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7. Computing with GAP

7.2: How do I represent my group in GAP?

If you can write down permutations or matrix generators, you can use them directly. (Note, however, that GAP will internally compute a faithful permutation representation to work with matrix groups anyhow. However, see below for an example that you should be aware of this, because it can be dangerous.)

A group given by a finite presentation can be input as a quotient of a free group. If larger calculations are to be done, it is worthwhile (if it is possible) to either convert it to a PC group (using for example SolvableQuotient -- Note that even if the presentation is polycyclic, GAP will not use methods for polycyclic groups, unless the group is also represented as a PC group) or to a permutation group.

For groups given by structural information, the construction can be much harder. There are a few general product constructions (direct and semidirect product for example). The Issac 2000 tutorial gives some examples of constructing groups.

Here then is the example to which the first paragraph referred:

A user had sent the following program run, asking for help:

gap> g := GL(3,27);                                          
GL(3,27)
gap> h := SylowSubgroup(g,2);
<group of 3x3 matrices in characteristic 3>
gap> Size(h);
32
gap> n := Normalizer(g,h);
<group of 3x3 matrices in characteristic 3>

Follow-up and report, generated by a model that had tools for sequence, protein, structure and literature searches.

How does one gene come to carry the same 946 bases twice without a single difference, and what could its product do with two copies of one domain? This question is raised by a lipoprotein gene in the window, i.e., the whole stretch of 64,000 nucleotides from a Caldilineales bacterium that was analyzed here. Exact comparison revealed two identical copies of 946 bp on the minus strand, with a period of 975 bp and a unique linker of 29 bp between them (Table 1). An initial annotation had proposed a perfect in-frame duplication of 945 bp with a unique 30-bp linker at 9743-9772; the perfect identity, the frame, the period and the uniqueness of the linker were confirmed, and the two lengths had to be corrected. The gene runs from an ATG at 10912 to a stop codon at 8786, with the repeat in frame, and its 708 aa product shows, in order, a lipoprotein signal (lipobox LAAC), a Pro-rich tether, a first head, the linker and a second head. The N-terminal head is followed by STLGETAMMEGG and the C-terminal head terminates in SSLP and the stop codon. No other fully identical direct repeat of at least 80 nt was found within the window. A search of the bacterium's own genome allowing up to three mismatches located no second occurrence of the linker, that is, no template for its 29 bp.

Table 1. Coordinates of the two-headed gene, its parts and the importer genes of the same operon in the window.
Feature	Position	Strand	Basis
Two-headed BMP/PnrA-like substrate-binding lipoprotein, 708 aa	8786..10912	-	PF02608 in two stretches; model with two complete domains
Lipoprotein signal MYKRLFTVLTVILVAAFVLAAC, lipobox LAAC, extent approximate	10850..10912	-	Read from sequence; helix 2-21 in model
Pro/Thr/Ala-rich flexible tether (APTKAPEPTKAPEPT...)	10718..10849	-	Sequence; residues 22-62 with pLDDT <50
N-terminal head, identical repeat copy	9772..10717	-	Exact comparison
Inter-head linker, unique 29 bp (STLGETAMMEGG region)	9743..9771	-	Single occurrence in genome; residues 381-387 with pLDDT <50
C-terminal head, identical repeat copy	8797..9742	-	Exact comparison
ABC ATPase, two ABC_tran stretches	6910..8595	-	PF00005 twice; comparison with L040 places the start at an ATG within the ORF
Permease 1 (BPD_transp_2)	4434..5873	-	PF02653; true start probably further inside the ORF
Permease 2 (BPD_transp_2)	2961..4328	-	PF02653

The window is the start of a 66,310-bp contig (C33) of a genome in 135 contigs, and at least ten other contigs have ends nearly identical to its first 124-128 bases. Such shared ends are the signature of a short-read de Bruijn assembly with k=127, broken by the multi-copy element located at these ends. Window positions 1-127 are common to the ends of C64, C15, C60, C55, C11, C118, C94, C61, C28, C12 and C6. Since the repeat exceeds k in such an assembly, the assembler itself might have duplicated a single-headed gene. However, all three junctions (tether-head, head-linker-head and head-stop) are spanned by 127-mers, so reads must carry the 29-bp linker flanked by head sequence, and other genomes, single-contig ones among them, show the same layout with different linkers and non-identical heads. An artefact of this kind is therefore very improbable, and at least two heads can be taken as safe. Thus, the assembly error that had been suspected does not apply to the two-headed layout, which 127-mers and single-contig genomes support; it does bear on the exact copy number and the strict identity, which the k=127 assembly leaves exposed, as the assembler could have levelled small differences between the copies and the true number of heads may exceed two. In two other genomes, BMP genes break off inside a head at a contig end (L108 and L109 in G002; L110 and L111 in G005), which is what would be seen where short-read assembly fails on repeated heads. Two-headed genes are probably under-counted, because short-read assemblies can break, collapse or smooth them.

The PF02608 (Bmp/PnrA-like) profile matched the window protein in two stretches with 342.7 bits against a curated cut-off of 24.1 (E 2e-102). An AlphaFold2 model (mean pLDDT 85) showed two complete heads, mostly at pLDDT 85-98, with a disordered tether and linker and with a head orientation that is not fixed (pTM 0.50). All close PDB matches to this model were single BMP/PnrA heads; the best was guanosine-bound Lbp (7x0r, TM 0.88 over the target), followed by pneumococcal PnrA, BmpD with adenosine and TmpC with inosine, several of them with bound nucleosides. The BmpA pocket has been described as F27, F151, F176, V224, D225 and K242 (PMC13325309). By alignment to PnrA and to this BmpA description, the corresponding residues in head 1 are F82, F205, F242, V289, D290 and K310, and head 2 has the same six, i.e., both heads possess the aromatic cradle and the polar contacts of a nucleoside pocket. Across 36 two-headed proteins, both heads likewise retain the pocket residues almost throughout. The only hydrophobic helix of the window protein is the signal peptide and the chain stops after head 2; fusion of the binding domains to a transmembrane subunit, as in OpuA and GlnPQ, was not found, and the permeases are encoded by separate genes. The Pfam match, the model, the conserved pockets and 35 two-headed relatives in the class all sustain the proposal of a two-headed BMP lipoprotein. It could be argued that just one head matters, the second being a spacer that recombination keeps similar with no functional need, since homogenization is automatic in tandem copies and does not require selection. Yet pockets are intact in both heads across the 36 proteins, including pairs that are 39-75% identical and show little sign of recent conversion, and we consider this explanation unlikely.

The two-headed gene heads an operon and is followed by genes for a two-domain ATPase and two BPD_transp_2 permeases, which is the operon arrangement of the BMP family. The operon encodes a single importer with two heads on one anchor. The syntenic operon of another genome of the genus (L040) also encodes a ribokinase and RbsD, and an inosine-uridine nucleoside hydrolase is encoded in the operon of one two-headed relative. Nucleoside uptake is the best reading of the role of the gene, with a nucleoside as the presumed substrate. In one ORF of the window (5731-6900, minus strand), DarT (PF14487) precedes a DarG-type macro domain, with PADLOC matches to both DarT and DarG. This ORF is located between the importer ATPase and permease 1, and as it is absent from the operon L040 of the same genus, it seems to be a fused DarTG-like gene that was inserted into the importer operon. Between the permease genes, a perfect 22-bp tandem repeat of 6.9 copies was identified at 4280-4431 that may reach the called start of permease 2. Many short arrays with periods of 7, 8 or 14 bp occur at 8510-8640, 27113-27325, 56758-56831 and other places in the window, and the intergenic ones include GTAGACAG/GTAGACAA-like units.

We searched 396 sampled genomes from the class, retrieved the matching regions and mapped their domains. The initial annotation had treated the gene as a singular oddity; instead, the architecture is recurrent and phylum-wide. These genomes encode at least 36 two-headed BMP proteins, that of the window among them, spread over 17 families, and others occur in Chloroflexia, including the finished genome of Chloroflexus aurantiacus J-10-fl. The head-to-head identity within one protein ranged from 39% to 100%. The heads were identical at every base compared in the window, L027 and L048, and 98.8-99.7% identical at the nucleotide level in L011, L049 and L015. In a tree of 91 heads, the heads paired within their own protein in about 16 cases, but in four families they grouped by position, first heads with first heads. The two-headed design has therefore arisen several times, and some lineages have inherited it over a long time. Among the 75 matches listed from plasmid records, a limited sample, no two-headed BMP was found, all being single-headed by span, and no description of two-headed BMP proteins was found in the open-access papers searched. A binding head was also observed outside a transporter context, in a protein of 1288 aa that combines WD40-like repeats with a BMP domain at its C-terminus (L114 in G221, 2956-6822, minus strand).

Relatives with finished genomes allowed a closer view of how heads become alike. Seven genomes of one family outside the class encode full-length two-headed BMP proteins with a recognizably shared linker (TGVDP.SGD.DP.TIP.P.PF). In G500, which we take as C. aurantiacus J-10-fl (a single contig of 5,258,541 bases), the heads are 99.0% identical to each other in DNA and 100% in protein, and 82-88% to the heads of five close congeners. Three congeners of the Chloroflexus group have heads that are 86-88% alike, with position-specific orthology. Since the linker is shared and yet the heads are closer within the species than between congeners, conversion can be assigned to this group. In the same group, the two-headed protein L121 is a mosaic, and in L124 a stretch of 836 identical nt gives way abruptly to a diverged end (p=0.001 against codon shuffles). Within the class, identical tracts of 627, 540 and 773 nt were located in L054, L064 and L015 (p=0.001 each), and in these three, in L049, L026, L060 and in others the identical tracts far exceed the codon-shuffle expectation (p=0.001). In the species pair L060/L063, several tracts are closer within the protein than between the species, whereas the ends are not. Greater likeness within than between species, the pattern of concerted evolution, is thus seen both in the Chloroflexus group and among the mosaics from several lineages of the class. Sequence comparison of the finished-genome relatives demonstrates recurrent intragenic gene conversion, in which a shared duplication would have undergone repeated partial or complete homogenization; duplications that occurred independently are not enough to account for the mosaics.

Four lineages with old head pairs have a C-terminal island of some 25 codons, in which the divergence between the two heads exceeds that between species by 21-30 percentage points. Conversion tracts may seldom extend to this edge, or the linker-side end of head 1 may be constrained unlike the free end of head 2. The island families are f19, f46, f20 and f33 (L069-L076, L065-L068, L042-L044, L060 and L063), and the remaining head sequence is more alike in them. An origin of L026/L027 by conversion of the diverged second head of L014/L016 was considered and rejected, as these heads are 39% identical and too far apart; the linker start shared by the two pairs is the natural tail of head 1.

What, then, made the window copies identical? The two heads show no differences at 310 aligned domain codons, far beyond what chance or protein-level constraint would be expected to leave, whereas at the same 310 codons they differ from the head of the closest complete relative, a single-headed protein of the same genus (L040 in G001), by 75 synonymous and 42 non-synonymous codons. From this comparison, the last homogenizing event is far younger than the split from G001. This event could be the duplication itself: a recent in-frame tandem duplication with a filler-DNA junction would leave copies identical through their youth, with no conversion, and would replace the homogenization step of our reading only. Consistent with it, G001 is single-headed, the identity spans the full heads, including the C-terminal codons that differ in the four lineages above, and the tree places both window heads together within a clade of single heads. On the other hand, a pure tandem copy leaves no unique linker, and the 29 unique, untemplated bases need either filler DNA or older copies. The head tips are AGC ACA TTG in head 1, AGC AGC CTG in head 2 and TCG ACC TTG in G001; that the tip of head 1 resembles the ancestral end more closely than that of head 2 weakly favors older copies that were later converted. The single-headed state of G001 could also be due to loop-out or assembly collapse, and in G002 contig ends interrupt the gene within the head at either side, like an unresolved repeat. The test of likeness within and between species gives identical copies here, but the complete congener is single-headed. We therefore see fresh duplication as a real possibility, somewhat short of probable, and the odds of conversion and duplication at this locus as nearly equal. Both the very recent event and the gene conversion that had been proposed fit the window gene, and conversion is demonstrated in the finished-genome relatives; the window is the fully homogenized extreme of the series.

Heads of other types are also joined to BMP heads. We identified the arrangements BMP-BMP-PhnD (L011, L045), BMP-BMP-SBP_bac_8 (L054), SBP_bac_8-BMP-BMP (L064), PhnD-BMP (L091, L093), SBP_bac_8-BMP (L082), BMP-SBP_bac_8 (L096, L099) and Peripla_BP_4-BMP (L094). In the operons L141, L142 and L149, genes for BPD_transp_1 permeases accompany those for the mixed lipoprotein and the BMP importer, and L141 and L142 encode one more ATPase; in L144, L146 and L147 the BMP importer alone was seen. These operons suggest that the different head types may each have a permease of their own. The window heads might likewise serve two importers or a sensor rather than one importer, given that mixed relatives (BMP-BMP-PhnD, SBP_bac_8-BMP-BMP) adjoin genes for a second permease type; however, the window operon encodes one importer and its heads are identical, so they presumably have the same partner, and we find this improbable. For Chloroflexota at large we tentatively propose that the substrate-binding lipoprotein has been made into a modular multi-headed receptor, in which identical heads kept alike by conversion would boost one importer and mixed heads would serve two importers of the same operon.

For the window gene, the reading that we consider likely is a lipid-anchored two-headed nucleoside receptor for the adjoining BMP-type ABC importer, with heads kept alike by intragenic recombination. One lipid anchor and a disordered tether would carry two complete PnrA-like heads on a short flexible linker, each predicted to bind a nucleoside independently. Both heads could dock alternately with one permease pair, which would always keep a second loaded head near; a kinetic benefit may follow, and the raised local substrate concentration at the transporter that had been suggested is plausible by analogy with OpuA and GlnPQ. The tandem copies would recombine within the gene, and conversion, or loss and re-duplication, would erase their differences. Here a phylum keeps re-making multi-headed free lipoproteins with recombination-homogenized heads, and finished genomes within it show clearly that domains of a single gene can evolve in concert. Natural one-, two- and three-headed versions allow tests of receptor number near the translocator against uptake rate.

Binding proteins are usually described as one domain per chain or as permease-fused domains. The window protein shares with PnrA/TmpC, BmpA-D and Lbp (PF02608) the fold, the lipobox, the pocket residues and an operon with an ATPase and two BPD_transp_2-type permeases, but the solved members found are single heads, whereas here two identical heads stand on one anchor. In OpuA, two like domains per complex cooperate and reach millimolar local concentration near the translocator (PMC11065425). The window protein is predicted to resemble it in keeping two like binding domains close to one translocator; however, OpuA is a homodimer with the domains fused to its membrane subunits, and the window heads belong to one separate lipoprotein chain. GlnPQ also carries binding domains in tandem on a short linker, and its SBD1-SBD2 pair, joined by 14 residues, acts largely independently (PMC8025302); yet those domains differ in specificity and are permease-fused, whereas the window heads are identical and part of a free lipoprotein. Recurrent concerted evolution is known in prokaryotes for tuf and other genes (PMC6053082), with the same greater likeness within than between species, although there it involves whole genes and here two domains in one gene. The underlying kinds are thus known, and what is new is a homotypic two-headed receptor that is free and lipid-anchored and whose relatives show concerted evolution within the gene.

gap> Size(n);
5408
gap> l := List(Irr(n), i-> i[1]);;
exceeded the permitted memory 
...
 
brk> quit; 

Frank Lübeck explained what happened: First you can get the number characters of given degree much easier, using that the group n is solvable, its order being divisible by only two primes.

gap> IsSolvable(n);
true
gap> CharacterDegrees(n);
[ [ 1, 1352 ], [ 2, 1014 ] ]
gap> h1 := IsomorphismPermGroup(n);
<action isomorphism>
gap> NrMovedPoints(Image(h1));
19682

So the user was asking to compute the 2366 irreducible characters of a permutation group of order 5408 of degree 19682 and this would have had to be done by the Dixon/Schneider method using the 2366 conjugacy classes of that group! In such a case one can either try to find a much smaller permutation representation of that group or work with a pc group presentation:

gap> h2 := SmallerDegreePermutationRepresentation(Image(h1));;
gap> NrMovedPoints(Image(h2));
130
gap> Size(Image(h2));
5408
gap> hpc := IsomorphismPcGroup(n);;
gap> Image(hpc);                                             
Group([ f6, f4*f5*f6, f4, f7, f3, f2^7*f3*f7, f1^7*f4*f5*f6 ])
gap> Size(last);
5408

Results of computations in these image groups can then be translated back into the group n, using the function PreImage.